First and foremost, I can’t really separate ANES, especially in its earliest and most exciting time, from Philip Converse, Donald Stokes, and Warren Miller. Though the large, ongoing dataset is seen as their legacy, it was actually a byproduct of their greatest contribution (after all, there were other large surveys being done at the time, but only theirs became institutionalized like ANES). Their real contribution was research that was breathtakingly creative and rigorous for its time. In the 1960s, when I was in graduate school, they were my gods; if he had ever had a poster, Phil Converse would have been on my dormitory room wall. They pioneered considering the interaction of data from different levels of social organization, analyzing the interplay of historical change and individual behaviors, and applying data analysis to democratic theory. The ANES data set came to be of such importance in the field because they demonstrated the beautiful things that could be done with it.

converse-miller-campbell1

Converse, Miller, and Campbell developing ANES predecessor the Michigan Election Studies

The high point of my graduate studies was a secondary analysis of the 1956 and 1960 national election studies, to test for various processes by which individuals were influenced in their voting by their community (i.e., an early and very primitive study of contextual effects.) This was pre-computer, so I did it all with IBM cards and a card sorter. It was the most exciting thing I did in graduate school, yet all I was doing was imitating Miller, Converse, and Stokes.

In more recent years, ANES made a huge contribution when Steven Rosenstone took the lead in setting up the ambitious Comparative Study of Electoral Systems (CSES), a cooperative study involving roughly fifty national election studies. He was able to build on years of cooperation between the ANES and international scholars, started especially by Stokes and Converse.

While the Inter-University Consortium for Political and Social Research (ICPSR) now serves a broad inter-disciplinary audience, it was initially a spin-off of the ANES. I attended the summer program in its second year, 1965. It consisted of a single class, co-taught by Stokes and Converse. Each day they opened some exciting new window for us. One day, Stokes introduced us to the problem of cross-level inference, which he had just started work on; I had never heard of it before, and it would become an important part of my work over the next fifty years. Another day they invited a young sociology graduate student, Gudmund Iversen, to come in and talk to us about an interesting new kind of statistics he had just learned of – Bayesian statistics.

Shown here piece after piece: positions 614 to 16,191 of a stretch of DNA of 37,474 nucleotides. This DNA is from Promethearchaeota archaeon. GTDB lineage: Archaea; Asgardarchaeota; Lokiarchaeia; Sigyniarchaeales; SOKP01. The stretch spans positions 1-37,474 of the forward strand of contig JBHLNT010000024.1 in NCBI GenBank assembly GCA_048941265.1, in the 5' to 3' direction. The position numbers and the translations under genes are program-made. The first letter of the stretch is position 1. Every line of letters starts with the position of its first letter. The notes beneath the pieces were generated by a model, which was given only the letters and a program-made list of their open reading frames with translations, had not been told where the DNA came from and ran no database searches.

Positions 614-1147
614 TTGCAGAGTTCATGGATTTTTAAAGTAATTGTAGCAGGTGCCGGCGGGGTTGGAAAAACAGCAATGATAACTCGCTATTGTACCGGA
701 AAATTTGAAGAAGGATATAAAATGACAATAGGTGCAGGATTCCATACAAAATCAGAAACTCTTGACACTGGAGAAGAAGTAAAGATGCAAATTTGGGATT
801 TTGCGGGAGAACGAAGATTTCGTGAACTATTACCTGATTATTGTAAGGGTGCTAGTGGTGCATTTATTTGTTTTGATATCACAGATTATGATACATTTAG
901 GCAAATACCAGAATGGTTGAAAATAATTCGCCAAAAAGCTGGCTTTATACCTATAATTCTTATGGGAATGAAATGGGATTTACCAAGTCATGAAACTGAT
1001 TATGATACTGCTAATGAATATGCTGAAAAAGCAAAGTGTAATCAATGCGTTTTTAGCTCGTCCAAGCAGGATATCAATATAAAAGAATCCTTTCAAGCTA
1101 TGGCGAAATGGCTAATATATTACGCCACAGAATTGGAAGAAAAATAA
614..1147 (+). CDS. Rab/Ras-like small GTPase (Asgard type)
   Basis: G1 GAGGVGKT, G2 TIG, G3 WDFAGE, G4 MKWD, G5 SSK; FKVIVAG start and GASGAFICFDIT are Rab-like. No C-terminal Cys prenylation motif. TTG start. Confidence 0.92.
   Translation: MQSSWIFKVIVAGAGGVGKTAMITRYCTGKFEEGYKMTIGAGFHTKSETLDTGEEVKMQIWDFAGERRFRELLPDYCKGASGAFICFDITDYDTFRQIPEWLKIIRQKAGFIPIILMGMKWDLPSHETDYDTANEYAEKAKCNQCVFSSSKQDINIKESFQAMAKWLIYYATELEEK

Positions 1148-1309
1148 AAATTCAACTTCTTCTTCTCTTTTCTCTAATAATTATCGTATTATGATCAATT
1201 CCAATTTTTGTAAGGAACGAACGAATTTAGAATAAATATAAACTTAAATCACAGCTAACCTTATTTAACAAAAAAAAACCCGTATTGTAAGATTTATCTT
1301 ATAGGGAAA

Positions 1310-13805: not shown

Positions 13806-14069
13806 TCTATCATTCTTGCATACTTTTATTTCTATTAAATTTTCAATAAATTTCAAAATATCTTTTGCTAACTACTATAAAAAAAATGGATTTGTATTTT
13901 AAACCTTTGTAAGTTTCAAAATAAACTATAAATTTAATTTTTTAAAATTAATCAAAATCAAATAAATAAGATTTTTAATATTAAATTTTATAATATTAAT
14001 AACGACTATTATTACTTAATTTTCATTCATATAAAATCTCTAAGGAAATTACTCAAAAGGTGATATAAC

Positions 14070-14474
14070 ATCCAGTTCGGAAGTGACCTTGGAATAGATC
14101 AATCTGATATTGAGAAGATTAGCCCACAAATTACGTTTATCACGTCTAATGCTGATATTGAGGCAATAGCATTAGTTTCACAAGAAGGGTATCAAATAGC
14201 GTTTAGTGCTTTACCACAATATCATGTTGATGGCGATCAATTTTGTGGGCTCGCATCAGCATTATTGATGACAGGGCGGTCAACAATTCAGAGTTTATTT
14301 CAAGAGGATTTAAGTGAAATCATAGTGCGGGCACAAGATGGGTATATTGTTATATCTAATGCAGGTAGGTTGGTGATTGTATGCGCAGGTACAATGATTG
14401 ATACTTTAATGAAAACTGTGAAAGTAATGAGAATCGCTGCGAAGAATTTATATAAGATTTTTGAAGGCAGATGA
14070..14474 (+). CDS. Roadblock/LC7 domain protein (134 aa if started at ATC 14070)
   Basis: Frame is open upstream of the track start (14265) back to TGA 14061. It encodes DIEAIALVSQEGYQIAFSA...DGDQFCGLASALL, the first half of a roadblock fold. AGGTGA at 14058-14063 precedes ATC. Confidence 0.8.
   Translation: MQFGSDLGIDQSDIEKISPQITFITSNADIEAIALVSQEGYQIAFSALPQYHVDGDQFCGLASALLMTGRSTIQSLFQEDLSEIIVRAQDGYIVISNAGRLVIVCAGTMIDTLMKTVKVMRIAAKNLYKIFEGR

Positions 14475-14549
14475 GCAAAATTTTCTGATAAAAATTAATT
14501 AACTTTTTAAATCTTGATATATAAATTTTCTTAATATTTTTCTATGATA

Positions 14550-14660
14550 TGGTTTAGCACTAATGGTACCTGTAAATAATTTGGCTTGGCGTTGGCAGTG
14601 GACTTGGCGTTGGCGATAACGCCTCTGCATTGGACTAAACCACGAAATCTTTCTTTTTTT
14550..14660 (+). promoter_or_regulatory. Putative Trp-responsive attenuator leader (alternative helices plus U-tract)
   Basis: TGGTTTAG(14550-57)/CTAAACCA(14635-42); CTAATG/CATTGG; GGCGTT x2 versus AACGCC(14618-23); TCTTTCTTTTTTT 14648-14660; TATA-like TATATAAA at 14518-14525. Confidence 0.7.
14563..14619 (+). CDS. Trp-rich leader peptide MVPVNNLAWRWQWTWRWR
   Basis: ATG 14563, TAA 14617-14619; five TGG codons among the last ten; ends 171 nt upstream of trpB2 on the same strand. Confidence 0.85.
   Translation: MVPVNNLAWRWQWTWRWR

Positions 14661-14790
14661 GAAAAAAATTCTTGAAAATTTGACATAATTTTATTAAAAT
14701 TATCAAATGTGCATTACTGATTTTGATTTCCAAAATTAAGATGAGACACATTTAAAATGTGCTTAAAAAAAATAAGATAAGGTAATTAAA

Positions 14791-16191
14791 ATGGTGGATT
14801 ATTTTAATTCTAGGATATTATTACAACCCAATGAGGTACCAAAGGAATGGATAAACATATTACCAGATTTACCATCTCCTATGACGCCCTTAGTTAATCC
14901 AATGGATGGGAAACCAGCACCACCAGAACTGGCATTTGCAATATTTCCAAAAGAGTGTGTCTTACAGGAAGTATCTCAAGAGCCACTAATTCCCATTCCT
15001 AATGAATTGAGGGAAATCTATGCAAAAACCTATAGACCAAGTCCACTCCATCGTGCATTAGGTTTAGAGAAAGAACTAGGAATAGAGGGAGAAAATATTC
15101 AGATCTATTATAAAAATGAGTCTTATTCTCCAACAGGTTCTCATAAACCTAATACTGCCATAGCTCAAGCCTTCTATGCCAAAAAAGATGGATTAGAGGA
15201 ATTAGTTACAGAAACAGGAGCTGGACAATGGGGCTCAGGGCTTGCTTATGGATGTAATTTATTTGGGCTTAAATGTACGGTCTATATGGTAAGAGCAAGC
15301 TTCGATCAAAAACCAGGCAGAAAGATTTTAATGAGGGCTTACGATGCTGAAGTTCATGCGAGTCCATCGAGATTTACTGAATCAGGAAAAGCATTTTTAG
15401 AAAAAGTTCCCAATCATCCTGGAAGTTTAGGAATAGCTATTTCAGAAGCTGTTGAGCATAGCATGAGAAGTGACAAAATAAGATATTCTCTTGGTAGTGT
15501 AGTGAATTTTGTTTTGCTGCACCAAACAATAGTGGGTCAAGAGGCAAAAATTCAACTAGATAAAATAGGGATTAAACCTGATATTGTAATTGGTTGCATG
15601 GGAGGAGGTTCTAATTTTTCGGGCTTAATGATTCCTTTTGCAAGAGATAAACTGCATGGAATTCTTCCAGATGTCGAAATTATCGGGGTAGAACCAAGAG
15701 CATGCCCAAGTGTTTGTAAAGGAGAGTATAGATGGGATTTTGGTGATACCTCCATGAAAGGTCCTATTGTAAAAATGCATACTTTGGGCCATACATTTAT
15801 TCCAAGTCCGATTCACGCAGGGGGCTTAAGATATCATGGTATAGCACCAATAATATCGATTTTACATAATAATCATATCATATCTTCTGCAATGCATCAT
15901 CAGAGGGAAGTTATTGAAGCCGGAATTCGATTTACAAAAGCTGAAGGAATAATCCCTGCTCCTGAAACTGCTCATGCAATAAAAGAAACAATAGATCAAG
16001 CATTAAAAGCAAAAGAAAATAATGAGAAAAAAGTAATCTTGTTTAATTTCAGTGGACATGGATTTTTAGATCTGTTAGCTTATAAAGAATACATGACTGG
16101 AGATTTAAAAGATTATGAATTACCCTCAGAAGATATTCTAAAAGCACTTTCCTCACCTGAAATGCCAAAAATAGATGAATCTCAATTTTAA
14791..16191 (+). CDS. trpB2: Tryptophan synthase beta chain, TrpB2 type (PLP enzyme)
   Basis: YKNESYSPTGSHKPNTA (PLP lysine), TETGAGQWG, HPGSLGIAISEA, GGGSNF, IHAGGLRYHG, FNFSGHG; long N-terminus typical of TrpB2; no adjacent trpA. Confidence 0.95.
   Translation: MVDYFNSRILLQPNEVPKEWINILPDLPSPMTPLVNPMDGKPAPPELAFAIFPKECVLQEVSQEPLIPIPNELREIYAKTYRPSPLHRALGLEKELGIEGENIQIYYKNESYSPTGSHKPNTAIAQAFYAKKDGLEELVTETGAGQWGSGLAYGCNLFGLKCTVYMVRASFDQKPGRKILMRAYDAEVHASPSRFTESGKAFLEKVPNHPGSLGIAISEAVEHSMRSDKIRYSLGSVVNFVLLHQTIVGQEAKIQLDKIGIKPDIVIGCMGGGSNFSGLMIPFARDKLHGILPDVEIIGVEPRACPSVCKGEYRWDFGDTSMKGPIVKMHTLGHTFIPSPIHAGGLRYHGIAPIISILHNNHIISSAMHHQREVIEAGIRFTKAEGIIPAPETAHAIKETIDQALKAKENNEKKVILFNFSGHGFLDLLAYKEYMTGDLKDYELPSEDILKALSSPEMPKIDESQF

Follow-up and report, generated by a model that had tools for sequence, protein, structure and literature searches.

Contradiction, Triangulation, and the ANES

This is a guest post written by David Redlawsk, Professor of Political Science at Rutgers University and Director of the Eagleton Center for Public Interest Polling.

ANES65thThis post is part of a series celebrating the 65th anniversary of the American National Election Studies (ANES). The posts will seek to highlight some of the many ways in which the ANES has benefited scholarship, the public, and the advancement of science. Do you have ideas for additional posts? Please contact us by email (cps-center@umich.edu) or Twitter (@umisrcps).

For me, the American National Election Studies (ANES) goes back to my undergraduate days at Duke in the late 1970’s. In my voting behavior class we read The American Voter and The Changing American Voter. I personally did NOT “like” the view of voters from the American Voter, the basic sense that voters were not really competent. So The Changing American Voter, which suggested that voters were more issue-oriented (and thus more competent to hold representatives accountable), appealed to me. Both books were based on ANES data, and I thought it was interesting that they came to different conclusions (of course the argument was that things had “changed” in the late 60’s leading to more issue-oriented voters).